It pleases the editors of the OED to release, at increasingly frequent intervals, lists of words newly added to the dictionary. They mostly divide between those you would expect to find there already, such as—to pick from the latest—Armagnac, anxiolytic, char sui, and those no-one would care to look up anyway, such as vlogger, VJing, […] Read more – ‘Of the sense addicted’.
Automated financial trading machines can make complex decisions in a thousandth of a second. A human being making a choice – however simple – can never be faster than about one-fifth of a second. Our reaction times are not only slow but also remarkably variable, ranging over hundreds of milliseconds. Is this because our brains […] Read more – ‘Making haste in the brain, slowly’.
As published in The Oxford Magazine: Readers of the recent exchange between Ray Guillery and Peter Hacker may be left with the impression of a straightforward conflict between two disciplines: philosophy and neuroscience. But there is a third discipline here―medicine―that gives more substance to scientific enterprise than mere curiosity, and so ought not to be […] Read more – ‘Conceptual analysis in neuroscience’.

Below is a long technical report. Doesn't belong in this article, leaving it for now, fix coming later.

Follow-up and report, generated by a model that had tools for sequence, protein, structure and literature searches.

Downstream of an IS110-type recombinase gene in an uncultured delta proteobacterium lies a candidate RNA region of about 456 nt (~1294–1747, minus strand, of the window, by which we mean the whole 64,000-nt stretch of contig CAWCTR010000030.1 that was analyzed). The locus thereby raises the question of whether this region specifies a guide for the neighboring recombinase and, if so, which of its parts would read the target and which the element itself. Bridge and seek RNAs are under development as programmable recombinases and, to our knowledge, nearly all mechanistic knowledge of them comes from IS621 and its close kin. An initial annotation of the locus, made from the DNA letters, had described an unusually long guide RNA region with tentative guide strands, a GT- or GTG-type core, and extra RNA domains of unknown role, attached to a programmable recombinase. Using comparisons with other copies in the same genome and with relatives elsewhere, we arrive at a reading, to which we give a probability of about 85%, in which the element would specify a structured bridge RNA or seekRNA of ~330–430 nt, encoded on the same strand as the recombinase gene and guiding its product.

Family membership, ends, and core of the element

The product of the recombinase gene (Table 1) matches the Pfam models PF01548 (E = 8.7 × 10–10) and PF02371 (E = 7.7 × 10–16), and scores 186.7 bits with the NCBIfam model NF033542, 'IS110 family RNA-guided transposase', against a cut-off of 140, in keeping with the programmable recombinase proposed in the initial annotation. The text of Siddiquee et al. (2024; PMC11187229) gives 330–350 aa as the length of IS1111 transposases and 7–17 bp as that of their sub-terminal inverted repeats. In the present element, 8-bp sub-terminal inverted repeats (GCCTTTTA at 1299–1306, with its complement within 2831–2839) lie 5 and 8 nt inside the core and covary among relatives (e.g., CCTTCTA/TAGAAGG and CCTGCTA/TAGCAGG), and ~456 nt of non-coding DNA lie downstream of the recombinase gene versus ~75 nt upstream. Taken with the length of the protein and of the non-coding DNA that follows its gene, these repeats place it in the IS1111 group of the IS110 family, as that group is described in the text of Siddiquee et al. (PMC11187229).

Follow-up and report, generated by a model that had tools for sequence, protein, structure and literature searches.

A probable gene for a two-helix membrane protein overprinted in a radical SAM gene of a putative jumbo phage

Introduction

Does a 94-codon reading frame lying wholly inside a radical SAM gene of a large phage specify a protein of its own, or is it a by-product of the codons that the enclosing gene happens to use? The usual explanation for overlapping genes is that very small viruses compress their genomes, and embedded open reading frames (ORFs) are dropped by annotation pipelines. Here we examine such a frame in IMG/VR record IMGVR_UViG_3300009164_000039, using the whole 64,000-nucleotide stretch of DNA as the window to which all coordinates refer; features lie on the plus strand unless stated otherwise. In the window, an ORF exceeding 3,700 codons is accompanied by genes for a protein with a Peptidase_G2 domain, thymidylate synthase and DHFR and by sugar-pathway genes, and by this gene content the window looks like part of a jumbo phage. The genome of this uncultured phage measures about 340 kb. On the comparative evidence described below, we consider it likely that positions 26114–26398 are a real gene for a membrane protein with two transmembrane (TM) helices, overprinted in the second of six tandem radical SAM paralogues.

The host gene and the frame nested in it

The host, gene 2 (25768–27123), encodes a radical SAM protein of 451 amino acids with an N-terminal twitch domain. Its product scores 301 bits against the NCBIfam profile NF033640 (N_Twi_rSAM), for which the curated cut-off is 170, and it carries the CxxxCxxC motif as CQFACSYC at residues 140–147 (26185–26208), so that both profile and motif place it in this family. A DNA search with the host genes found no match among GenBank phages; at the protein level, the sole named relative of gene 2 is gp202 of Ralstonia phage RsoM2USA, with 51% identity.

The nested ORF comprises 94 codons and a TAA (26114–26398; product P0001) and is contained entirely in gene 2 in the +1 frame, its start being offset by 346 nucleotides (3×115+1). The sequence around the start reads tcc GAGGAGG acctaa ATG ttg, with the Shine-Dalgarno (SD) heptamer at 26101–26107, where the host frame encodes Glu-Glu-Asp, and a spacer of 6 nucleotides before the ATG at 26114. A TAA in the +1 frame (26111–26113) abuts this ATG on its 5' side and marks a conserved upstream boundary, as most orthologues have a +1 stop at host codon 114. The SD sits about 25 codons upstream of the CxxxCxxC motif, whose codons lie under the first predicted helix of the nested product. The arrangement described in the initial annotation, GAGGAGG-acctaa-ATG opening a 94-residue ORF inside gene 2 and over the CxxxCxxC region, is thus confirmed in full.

…There is a pervasive misunderstanding about the nature of the man and his thought that the architecture at first sight reinforces. The conventional caricature is of a übernerd: loveless, narrow, isolated, endlessly obsessing over minutiae of logic that have little bearing on real philosophy and certainly none on creative life in general. His thought is […] Read more – ‘Wittgenstein’s architecture’.
A neglected argument against the existence of God is that he could not last long. For if omnipotence requires omniscience, and omniscience implies an absolute incapacity for surprise, God’s life must be absolutely boring, an immediate summons to death. Even if to kill himself is the one power he cedes to man his perfect knowledge […] Read more – ‘Blind to the darkness’.